Angela Terry is an attorney who formerly practiced intellectual property law at large firms in Chicago and San Francisco. She is also a Chicago Marathon legacy runner and races to raise money for PAWS Chicago—the Midwest’s largest no-kill shelter. She resides in San Francisco with her husband and two cats and enjoys throwing novel-themed dinner parties for her women’s fiction book club. Her debut novel, Charming Falls Apart, is a 2021 Independent Press Awards Winner, 2021 IPBA Benjamin Franklin Awards Finalist, and 2020 Best Book Awards Finalist.

Connect with Terry at www.angelaterry.com, @AngelaTerryAuthor on Facebook and Instagram, and @AngelaTerryLit on Twitter.

Q & A with Angela Terry

Question: Who do you think is the ideal reader for The Trials of Adeline Turner?

Angela Terry: Generally, this book is for anyone who enjoys voice-driven, contemporary escapist women’s fiction. Specifically, this book is for someone who may be like Adeline, where they might have a successful career, but want more in their personal life. And, of course, this book is for anyone who still thinks about their first crush and wonders, “What if?” (although, sometimes the dream is better than the reality!). 

Question: You’re a big fan of “chick lit” what are your feelings about that name for the niche of fun and flirty women’s voices?
Angela Terry: The first “chick-lit” book I read was Bridget Jones’s Diary, and it introduced me (and a generation) to books about women who were going through similar issues as I was in my twenties and thirties. I was navigating and balancing my career, dating, family and friends, and asking the question of, “What do I want my life to look like?”. These books were usually told in a light, entertaining, first-person voice, and the characters felt real to me. So, while I know the term has fallen out of favor over the years, it still has a soft spot in my heart.

My books have been called rom-com, chick lit, and women’s fiction. I personally consider my books to be women’s fiction, since they focus more on the emotional growth of my heroine towards a more fulfilled self. But I also love a good happily-ever-after. So, if my novel is hanging out on the rom-com table, I’m happy with that because I just want readers to be able to discover my books. 

Question: What books and authors inspired you?

Angela Terry: The first chick-lit book I read was Bridget Jones’s Diary by Helen Fielding, and from there I was hooked on these lighter tone, voice-driven, confessional type of stories. From there, I read Sophie Kinsella’s Shopaholic series, and I absolutely loved, and still love, Jane Green’s novels, which have evolved from early chick lit to women’s fiction. 

Emily Giffin’s books though finally gave me that push to start writing my own books. When returning home from a vacation, I had picked up Something Blue at the airport and devoured it in one sitting. I love how honest and complicated her characters are, and how effortless her writing style seems. When I turned the book over to read her biography, which read, “After practicing litigation at a Manhattan firm for several years, she moved to London to write full time…”, it struck me that hers was the first “attorney bio” I read where I thought, “I want to do that!” That was the moment I decided to commit to my writing.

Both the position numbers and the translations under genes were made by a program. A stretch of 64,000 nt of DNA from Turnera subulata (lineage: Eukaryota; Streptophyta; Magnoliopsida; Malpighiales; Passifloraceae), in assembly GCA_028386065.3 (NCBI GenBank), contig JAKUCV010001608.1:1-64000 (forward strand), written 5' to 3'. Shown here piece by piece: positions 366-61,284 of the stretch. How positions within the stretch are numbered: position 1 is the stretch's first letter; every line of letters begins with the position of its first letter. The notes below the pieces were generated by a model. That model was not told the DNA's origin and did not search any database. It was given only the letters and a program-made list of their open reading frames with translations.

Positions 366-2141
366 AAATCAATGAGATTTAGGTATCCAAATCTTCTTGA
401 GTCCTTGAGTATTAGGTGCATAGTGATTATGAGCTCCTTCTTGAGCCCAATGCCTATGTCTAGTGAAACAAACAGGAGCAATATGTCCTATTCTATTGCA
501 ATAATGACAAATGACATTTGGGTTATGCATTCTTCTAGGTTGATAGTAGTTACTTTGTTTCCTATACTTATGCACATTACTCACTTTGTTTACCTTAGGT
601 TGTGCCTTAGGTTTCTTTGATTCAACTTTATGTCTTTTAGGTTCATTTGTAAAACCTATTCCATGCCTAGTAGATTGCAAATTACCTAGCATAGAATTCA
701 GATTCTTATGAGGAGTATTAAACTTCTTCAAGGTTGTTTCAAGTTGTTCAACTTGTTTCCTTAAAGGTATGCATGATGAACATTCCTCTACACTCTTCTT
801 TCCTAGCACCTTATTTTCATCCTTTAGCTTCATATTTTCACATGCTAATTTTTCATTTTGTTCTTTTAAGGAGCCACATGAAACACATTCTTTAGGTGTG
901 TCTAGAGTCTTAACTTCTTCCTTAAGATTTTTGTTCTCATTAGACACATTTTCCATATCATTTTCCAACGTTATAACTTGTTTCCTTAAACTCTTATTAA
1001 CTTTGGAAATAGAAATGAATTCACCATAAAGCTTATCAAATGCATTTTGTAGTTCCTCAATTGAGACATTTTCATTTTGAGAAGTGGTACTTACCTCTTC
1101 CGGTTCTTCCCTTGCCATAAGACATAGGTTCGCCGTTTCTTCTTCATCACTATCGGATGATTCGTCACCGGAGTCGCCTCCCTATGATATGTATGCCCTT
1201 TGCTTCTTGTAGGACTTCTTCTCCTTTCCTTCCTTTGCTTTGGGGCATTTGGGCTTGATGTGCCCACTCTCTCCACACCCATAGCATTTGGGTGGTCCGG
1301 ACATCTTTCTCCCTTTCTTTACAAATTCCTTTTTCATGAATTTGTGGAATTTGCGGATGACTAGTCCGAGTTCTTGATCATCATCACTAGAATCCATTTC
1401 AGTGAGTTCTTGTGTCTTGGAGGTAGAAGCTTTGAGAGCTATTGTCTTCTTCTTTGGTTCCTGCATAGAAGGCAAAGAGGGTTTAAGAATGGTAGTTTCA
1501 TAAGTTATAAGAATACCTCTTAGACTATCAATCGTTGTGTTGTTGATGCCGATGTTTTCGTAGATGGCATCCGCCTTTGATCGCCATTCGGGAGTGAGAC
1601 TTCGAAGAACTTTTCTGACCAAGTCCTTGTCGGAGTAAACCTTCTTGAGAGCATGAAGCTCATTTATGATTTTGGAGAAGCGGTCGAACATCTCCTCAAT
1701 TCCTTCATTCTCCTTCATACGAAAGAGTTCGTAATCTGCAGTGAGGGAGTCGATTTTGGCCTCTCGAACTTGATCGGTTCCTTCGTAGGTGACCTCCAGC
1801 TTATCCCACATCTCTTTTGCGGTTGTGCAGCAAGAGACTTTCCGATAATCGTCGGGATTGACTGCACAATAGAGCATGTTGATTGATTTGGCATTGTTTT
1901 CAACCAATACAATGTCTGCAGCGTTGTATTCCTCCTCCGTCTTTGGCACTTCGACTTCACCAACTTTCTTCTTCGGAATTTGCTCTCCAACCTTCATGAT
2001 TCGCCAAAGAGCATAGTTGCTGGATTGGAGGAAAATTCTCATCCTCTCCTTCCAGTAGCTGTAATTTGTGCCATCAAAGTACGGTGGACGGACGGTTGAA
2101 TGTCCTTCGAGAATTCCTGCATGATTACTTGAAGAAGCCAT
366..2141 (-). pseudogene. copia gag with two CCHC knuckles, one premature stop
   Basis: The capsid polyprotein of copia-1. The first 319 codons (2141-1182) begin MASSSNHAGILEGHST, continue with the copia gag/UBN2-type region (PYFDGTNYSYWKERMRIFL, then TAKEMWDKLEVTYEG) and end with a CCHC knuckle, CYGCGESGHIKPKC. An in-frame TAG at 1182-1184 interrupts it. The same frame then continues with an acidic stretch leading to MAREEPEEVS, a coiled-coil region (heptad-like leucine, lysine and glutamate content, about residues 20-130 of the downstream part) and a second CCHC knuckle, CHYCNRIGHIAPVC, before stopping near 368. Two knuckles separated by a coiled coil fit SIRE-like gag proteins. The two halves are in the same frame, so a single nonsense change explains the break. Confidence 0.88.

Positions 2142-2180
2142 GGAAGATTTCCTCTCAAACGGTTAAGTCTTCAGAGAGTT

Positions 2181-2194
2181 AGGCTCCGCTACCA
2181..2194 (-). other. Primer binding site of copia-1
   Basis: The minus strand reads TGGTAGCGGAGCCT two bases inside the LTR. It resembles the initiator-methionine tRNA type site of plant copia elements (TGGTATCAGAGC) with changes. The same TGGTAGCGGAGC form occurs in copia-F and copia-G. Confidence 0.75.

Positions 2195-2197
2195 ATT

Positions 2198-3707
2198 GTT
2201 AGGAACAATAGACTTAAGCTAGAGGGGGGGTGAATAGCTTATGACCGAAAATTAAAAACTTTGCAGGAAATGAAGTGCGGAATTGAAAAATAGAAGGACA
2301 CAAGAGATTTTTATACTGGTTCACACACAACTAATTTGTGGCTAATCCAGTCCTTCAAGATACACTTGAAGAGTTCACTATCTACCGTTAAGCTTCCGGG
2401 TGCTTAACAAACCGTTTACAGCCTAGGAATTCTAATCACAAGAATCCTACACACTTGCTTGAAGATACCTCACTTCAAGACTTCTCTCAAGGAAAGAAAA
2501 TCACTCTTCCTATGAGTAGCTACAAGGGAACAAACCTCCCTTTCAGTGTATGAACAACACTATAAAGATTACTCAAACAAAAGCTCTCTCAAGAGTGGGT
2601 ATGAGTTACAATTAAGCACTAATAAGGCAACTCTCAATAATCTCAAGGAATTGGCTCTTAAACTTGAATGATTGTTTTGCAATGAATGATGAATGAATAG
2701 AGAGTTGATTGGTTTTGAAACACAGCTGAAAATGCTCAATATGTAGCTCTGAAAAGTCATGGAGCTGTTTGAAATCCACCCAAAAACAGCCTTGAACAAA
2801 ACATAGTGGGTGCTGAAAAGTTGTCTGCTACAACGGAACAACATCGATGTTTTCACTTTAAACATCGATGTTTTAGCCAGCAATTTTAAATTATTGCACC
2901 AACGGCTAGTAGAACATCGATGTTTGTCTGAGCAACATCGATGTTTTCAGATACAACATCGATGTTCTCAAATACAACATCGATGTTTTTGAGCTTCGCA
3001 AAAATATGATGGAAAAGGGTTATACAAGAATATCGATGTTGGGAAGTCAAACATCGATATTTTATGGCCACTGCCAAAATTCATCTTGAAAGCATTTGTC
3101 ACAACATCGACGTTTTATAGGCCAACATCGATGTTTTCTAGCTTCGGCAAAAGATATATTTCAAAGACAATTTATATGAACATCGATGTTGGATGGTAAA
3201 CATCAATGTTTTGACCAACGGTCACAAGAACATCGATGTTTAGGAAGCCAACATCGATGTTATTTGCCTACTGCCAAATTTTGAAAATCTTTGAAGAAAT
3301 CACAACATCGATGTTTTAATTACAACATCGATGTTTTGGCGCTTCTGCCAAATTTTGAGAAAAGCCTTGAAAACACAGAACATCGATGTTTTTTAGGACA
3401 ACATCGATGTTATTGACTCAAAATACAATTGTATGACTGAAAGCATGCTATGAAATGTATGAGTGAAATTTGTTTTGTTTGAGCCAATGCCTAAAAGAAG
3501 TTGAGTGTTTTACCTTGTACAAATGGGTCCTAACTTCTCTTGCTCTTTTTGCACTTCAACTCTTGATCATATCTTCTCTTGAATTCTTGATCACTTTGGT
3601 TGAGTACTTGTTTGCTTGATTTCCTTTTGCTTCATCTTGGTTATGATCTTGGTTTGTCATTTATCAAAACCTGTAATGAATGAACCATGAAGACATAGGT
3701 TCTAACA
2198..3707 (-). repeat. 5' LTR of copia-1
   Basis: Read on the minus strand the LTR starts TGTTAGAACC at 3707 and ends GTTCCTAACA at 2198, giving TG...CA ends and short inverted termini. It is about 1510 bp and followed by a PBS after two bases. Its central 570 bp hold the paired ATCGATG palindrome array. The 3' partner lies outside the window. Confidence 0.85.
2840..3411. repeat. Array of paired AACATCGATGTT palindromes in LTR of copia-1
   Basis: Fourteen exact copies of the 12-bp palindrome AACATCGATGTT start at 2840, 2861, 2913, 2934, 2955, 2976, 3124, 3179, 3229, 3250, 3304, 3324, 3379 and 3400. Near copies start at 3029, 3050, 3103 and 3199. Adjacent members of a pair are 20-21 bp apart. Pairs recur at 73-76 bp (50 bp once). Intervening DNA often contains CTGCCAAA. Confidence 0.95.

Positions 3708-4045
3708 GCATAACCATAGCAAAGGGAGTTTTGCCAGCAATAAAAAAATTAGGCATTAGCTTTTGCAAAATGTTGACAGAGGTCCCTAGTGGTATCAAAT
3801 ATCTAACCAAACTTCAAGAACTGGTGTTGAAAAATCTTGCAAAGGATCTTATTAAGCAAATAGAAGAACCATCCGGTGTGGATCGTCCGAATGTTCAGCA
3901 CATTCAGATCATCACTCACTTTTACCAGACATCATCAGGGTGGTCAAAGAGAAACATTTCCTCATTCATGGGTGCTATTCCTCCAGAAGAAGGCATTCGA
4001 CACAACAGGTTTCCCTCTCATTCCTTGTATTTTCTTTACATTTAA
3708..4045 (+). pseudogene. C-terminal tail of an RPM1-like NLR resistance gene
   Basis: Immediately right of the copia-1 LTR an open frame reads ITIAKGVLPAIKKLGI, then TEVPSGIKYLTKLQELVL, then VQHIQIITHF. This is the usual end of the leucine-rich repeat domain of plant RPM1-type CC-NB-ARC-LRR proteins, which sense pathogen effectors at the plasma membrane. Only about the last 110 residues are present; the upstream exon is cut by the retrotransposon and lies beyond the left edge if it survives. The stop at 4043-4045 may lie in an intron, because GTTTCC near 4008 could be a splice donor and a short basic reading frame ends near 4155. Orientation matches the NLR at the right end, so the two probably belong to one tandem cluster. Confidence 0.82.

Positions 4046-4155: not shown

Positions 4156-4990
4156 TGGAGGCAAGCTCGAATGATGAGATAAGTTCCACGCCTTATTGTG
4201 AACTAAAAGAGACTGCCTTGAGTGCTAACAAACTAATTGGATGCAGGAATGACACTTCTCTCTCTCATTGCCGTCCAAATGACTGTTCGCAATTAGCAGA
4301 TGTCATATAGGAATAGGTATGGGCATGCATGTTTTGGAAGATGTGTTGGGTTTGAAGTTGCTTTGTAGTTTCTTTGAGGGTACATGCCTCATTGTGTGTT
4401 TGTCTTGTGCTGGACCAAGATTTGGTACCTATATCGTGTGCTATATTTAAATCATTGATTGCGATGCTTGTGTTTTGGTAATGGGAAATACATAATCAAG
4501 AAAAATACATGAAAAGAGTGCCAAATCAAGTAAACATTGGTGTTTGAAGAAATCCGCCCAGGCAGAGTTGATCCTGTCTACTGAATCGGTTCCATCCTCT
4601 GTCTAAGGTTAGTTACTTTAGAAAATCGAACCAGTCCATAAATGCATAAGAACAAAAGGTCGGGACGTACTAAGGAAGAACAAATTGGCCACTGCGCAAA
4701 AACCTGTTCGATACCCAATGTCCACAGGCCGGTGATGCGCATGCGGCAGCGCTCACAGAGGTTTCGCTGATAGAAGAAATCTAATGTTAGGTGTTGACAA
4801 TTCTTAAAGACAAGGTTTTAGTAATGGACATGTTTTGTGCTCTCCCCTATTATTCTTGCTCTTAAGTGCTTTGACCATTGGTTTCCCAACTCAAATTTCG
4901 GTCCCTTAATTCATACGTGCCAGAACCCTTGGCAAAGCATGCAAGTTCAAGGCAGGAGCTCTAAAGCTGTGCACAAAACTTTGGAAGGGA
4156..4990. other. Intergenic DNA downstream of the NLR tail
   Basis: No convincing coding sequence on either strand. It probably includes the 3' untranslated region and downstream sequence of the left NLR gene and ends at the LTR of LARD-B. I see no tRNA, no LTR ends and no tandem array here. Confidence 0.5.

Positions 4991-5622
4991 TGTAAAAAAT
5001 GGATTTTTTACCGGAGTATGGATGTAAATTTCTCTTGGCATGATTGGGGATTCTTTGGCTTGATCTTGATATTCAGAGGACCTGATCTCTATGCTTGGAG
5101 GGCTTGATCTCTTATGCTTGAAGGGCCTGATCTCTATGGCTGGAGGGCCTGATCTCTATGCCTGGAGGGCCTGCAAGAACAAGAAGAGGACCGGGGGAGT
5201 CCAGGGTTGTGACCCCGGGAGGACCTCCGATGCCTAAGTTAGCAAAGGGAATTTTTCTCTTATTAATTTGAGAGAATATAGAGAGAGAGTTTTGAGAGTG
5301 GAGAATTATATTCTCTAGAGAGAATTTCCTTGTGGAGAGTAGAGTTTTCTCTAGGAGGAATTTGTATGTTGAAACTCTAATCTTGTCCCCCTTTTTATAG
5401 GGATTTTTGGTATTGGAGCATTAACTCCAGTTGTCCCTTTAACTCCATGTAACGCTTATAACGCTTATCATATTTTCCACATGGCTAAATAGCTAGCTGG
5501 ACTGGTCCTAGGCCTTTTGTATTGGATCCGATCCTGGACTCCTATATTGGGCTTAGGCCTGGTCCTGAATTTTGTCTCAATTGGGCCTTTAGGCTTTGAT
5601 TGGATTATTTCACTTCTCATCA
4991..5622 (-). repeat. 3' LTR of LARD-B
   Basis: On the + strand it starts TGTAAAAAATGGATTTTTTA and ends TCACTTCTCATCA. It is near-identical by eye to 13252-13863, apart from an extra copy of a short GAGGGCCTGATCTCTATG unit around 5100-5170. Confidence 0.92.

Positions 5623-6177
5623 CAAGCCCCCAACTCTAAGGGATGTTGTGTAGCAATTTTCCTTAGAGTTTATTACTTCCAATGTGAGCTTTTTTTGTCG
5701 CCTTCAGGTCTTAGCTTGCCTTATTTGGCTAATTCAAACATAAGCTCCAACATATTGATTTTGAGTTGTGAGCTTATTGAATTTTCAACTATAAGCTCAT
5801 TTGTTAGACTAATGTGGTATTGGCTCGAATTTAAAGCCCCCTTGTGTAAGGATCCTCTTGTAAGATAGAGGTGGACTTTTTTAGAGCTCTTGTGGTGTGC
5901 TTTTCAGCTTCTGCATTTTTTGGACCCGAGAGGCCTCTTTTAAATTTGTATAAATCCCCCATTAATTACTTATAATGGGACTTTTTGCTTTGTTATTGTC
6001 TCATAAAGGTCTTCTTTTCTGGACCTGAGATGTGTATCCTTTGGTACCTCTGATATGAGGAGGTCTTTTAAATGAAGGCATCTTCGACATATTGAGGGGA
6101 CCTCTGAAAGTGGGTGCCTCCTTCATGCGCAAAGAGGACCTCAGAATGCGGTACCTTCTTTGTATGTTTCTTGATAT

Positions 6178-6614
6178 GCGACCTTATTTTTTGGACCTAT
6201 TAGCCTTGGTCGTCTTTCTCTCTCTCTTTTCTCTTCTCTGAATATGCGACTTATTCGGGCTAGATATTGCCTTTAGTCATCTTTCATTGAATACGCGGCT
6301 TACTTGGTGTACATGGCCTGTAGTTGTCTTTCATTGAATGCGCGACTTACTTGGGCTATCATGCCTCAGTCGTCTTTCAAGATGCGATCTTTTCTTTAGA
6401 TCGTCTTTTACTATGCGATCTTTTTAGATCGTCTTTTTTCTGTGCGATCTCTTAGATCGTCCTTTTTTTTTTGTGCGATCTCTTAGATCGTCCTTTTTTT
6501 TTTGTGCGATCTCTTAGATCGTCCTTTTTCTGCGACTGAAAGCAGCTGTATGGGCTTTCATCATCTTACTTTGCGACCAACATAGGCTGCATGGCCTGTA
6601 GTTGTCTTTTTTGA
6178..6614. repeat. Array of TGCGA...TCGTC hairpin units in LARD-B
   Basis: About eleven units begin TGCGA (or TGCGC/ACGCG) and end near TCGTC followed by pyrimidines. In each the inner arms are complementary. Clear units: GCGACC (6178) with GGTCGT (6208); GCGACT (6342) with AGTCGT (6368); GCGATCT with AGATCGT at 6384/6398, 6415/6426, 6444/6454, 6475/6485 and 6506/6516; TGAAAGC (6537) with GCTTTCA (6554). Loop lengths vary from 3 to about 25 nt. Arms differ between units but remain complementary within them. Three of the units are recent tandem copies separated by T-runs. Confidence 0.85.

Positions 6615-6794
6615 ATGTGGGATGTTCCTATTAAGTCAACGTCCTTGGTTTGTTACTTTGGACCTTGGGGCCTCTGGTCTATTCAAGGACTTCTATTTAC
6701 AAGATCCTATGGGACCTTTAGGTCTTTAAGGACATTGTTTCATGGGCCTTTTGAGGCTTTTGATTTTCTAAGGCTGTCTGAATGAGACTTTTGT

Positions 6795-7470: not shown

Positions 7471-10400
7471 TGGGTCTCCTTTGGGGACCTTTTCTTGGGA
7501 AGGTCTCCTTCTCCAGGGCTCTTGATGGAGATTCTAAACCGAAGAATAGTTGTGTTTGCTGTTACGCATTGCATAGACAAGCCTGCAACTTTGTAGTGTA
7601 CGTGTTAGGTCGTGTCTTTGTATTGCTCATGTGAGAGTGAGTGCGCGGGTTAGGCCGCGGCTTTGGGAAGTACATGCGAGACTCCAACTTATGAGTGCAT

Question: What is your favorite place to read? 

Angela Terry: My favorite place to read would be my sofa with my cats. But where I get the most reading done would be at airports and on airplanes. I’m terrified of flying, and so I will save up books to read for my flight to have something to look forward to. Now I can’t wait to get to the airport and will be at my gate two hours early to catch up on my reading. 

Question: How has the pandemic affected your reading (and writing) habits? 

Angela Terry: In the beginning of the pandemic, I found it hard to concentrate on reading and writing. But thanks to my book club and being introduced to the Bookstagram community, I managed to get back my reading mojo. Though I will say, I found myself reaching for lighter, uplifting reads during this time. 

The pandemic also affected my writing. Normally, whenever I get stuck on a scene, I like to go for a walk or head to a coffee shop. Seeing people on the street and eavesdropping on conversations always gives me new inspiration. With shelter-in-place, I found myself watching television a lot more to study people’s expressions, as well as voice inflections and cadence for dialogue purposes. 


My thoughts: I was sent this book by a lovely PR and I’m really glad about that because I really liked Adeline, she’s super smart and good at her job, a good friend and has a great relationship with her dad. Her other relationships are a bit messy – she’s single at 33, estranged from her mum and just ran into her teenage crush at the airport.

She’s also about to get offered a great career boosting move, but is going to have to make new friends and be much nearer to her mother than she’s comfortable with. But perhaps there’s opportunity here to improve more than her career? And that’s where the story really starts, with Adeline swapping Chicago for San Francisco, and a whole new set of adventures.

I loved her best friend Bridget, she’s hilarious and very much a take no prisoners person – totally forthright and determined that Adeline finds love and happiness. Her dad was super sweet, and his romance with the neighbour was really cute. I like that she finally decided to try to reach out to her mum, I can’t imagine not having mine around, we’re really close.

Adeline’s path to true love is messy and she makes mistakes, trusts the wrong people and, well, that’s life. It was so honest and realistic, I could easily see Adeline as one of my friends, I think we’d get on. I really rooted for her and cheered her on.

blog tour, books, reviews